In the minds of students and the general public, the primary activity of a university is the pursuit of learning: a place where teachers teach, and students learn. It seems obvious that the core mission of the university is the transmission of knowledge, and in the popular imagination, simply placing bright eager minds in close proximity to leading professors will enable this alchemical process to happen. However, the reality of the practice and place of learning in today’s university is much more complicated.
Student mobility refers not to just the physical ability of a student to move from one institution to another, but the more comprehensive understanding of a student as an independent agent who - as their own needs and desires change - requires the ability to move from one institution to another to achieve their educational goal, be it a college certificate, diploma, or undergraduate degree. The policy has been broken into three key pillars, which cover the mobility parency, Consistency, and
One of the core principles of the Ontario Undergraduate Student Alliance (OUSA) is that all willing and qualified students should be able to attend post-secondary regardless of their ability to pay. However, students in Ontario face the highest tuition fees in the country and the cost and perceived costs of post-secondary education are consistently identified as barriers to post-secondary education. These barriers are contributing factors to the persistently high attainment gaps for various vulnerable groups
in pursuing an undergraduate degree.
In November 2013, the Ontario Undergraduate Student Alliance (OUSA) asked students to comment on their experience with summer and in-study employment. Of particular interest were: the number of jobs students were working during these
terms; whether or not these opportunities were within a student’s field of study; and whether they positively impacted their academic performance.
Results of OUSA’s 2013 Ontario Post-Secondary Student Survey (OPSSS) were further broken down based on institution and field of study for questions of particular interest. This was done to easily compare the responses from these distinct groups to see how consistent the undergraduate employment experience was across academic disciplines and universities.
OUSA asked students about their experiences of living in the community where their university is located: from how far they felt their municipality sought to engage students, to their housing situation, and their use of public transit.
Overall, students responded positively regarding many aspects of their experiences. For example students were broadly positive about the range and quality of off-campus housing available, and many of the students who relied on public transit to commute to school felt it was meeting their needs.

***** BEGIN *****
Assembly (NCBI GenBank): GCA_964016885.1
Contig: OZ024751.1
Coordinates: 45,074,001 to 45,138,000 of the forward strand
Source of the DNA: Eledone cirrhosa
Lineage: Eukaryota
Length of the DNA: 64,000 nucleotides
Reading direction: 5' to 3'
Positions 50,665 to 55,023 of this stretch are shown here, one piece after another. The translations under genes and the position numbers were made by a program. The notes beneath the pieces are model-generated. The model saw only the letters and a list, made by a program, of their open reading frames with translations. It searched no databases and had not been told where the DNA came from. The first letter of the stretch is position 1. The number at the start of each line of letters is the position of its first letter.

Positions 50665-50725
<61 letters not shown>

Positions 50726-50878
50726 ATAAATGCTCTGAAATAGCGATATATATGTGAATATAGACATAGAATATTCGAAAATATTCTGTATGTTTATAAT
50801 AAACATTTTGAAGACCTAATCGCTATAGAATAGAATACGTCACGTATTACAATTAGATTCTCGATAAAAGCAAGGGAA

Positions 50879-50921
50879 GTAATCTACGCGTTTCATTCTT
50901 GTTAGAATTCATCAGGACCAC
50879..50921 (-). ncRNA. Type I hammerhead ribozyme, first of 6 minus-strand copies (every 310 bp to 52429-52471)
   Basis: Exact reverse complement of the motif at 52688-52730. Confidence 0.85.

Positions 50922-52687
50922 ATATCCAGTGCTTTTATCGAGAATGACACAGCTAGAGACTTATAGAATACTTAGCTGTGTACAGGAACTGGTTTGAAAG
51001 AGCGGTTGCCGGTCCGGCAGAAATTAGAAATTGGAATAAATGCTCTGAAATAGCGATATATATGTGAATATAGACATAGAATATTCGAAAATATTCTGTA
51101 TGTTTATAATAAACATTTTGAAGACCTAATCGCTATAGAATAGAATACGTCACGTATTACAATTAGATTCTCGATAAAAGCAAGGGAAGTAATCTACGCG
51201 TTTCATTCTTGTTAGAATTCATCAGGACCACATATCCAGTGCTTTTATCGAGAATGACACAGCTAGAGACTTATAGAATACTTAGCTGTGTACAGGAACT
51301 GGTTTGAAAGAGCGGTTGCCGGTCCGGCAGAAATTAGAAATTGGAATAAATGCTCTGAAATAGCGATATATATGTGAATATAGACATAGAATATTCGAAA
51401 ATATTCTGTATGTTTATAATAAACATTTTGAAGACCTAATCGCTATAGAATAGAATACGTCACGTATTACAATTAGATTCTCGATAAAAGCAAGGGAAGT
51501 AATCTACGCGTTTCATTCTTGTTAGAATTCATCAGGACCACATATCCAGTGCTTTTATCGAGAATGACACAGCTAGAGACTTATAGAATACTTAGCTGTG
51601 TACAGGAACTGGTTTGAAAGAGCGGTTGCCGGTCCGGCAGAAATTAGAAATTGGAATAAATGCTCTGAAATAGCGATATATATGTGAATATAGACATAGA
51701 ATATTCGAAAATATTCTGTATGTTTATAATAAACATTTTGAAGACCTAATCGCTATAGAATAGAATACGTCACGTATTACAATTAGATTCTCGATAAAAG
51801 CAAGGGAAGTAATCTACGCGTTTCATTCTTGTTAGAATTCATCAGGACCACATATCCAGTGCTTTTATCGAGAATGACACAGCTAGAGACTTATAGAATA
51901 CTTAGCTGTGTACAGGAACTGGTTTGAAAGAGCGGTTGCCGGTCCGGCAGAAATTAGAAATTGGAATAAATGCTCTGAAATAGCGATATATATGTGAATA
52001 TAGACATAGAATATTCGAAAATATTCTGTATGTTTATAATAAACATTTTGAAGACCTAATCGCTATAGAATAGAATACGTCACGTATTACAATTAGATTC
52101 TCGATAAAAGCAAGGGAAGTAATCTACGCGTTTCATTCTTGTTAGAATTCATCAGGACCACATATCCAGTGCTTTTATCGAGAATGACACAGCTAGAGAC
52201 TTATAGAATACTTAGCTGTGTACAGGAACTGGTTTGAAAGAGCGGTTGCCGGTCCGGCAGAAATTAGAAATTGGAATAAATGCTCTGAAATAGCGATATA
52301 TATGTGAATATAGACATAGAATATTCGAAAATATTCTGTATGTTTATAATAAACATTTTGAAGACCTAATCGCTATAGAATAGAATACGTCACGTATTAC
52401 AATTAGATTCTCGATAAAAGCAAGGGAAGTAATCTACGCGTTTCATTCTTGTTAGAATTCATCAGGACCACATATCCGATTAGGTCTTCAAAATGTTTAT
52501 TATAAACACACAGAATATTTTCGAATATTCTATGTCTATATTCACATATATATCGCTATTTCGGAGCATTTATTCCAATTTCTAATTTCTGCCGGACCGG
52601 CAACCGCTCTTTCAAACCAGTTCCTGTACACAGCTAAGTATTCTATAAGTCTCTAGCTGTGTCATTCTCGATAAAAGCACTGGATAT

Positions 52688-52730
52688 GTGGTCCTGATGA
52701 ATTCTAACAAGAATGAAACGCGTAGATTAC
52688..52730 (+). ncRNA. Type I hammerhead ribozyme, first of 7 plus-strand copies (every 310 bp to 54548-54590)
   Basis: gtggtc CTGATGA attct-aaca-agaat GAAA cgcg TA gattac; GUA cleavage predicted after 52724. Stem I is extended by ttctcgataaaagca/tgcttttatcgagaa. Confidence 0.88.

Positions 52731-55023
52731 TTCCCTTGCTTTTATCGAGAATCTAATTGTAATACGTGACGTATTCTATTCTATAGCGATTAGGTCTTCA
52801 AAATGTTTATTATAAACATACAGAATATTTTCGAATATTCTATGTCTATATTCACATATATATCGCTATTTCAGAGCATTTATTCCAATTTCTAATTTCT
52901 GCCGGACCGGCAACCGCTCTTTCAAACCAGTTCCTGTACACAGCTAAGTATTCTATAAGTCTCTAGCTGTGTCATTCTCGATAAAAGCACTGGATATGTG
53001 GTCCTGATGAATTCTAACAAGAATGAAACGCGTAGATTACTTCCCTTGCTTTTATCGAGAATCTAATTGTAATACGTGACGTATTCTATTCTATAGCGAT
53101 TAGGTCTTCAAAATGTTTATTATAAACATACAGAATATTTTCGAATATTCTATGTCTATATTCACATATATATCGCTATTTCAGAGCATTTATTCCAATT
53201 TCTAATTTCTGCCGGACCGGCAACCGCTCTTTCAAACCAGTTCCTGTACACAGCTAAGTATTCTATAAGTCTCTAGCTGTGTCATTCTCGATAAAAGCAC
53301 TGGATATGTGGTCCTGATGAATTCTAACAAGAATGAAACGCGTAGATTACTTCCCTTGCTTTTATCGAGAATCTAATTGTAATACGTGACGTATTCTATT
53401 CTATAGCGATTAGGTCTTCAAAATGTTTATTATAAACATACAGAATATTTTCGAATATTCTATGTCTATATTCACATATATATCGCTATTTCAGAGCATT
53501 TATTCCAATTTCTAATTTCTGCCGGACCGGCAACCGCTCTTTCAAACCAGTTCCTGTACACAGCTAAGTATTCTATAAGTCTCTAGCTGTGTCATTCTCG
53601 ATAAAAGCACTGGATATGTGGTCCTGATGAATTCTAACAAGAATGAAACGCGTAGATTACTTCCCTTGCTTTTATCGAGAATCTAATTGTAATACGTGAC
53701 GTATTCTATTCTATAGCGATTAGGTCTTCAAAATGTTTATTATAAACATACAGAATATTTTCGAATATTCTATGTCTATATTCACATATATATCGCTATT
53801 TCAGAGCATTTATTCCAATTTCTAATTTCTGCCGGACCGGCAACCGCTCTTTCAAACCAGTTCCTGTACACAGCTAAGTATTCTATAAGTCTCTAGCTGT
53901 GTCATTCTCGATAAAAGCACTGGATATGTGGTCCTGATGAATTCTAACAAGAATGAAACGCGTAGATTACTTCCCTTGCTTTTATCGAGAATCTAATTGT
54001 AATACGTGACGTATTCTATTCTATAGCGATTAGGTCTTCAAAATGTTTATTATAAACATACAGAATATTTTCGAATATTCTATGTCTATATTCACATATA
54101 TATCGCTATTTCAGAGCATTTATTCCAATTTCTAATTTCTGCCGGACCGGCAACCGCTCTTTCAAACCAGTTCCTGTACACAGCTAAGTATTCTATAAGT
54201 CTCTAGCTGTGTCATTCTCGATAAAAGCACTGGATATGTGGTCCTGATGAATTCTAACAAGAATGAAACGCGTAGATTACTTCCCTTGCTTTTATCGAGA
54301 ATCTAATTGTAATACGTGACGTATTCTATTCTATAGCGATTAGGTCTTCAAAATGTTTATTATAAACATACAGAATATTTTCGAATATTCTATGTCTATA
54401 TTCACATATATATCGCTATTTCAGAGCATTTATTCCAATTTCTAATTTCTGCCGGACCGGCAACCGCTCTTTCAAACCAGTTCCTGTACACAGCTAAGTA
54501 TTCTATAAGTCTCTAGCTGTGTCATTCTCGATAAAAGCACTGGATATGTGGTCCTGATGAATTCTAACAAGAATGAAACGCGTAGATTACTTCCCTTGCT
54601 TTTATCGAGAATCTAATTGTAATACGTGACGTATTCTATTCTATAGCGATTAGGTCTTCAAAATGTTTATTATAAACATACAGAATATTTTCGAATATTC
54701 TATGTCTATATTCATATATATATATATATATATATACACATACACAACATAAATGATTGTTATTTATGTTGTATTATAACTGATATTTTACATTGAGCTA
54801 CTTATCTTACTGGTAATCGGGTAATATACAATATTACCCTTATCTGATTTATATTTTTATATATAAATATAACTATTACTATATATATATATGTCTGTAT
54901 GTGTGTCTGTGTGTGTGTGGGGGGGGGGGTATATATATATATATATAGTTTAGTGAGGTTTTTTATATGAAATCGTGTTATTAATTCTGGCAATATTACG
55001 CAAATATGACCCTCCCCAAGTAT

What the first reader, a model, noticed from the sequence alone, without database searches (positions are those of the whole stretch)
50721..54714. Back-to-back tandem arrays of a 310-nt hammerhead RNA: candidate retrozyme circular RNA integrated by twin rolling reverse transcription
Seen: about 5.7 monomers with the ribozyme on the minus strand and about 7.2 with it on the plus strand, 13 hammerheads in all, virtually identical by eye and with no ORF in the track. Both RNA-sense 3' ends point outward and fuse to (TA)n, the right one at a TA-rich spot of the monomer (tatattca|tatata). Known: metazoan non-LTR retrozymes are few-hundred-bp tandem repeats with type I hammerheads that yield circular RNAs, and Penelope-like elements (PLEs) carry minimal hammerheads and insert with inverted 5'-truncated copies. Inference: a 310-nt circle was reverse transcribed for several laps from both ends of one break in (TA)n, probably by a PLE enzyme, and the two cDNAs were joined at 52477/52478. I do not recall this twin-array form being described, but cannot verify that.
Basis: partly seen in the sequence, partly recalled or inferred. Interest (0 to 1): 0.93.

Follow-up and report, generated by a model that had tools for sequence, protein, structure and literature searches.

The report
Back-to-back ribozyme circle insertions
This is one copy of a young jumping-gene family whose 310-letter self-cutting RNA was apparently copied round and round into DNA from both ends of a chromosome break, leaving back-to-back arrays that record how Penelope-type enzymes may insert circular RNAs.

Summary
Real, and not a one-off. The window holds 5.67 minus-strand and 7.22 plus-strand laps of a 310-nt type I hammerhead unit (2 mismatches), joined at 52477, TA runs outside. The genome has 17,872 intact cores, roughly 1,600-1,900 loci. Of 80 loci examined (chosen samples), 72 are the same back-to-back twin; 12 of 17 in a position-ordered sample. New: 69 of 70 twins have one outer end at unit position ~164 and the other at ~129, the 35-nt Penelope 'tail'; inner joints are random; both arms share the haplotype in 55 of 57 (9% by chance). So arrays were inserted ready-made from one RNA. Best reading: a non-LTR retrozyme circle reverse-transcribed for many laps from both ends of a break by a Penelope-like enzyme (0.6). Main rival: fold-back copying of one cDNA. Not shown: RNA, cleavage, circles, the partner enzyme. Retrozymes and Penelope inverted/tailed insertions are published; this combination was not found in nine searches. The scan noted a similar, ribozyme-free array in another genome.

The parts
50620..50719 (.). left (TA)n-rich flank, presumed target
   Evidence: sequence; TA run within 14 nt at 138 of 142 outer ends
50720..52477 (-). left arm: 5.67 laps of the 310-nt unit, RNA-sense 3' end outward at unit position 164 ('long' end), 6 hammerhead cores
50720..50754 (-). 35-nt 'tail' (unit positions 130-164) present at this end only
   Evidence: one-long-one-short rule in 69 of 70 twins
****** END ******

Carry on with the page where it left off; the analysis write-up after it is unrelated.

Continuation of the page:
So we put together this step-by-step guide to teach you exactly what to do to become a leader that employees love working with.
National statistics indicate that more than 6.4 million children and youth with disabilities between 3 and 21 years-of-age received special education services during the 20132014 academic school year (U.S. Department of Education, 2015). In addition, 95% of these students received special education services in public schools, with 61% or more of them said to be highly included80% or more of their school dayin general education classroom settings (U.S. Department of Education, 2015). On one hand, these estimates may be quite positive given the high number of students educated in inclusive settings. On the other, they can be disconcerting because inclusion greatly relies on educators who are ill-prepared to meet the needs of all students, and would prefer not to do inclusion (p. 307).
Not at all, according to Dave Zwieback, the Head of Engineering at music analytics company Next Big Sound (acquired by Pandora) and author of Beyond Blame: Learning From Failure and Success. Zwieback has spent decades leading engineers in companies operating in high-stakes, pressure-cooker industries, such as technology, financial services and pharma, where it’s commonplace for someone to take the fall when critical systems fails.
In keeping with Ontario's commitment to openness and transparency, the government has released the salaries of Ontario Public Service and Broader Public Sector employees who were paid $100,000 or more in 2015.
The Public Sector Salary Disclosure Act requires most organizations that receive public funding from the Province of Ontario to disclose annually the names, positions, salaries and total taxable benefits of employees paid $100,000 or more in the previous calendar year.
Those of us who work in higher education cannot depend on the small group that we traditionally refer to as the leaders on each campus to serve our students and our wider communities. It is important to develop the capacity to exercise leadership from any position in a college or university. Improving our institutions requires that everyone, whether in senior posts or supporting roles, uses whatever assignments we have to expand the possibilities for innovation, inclusion and excellence.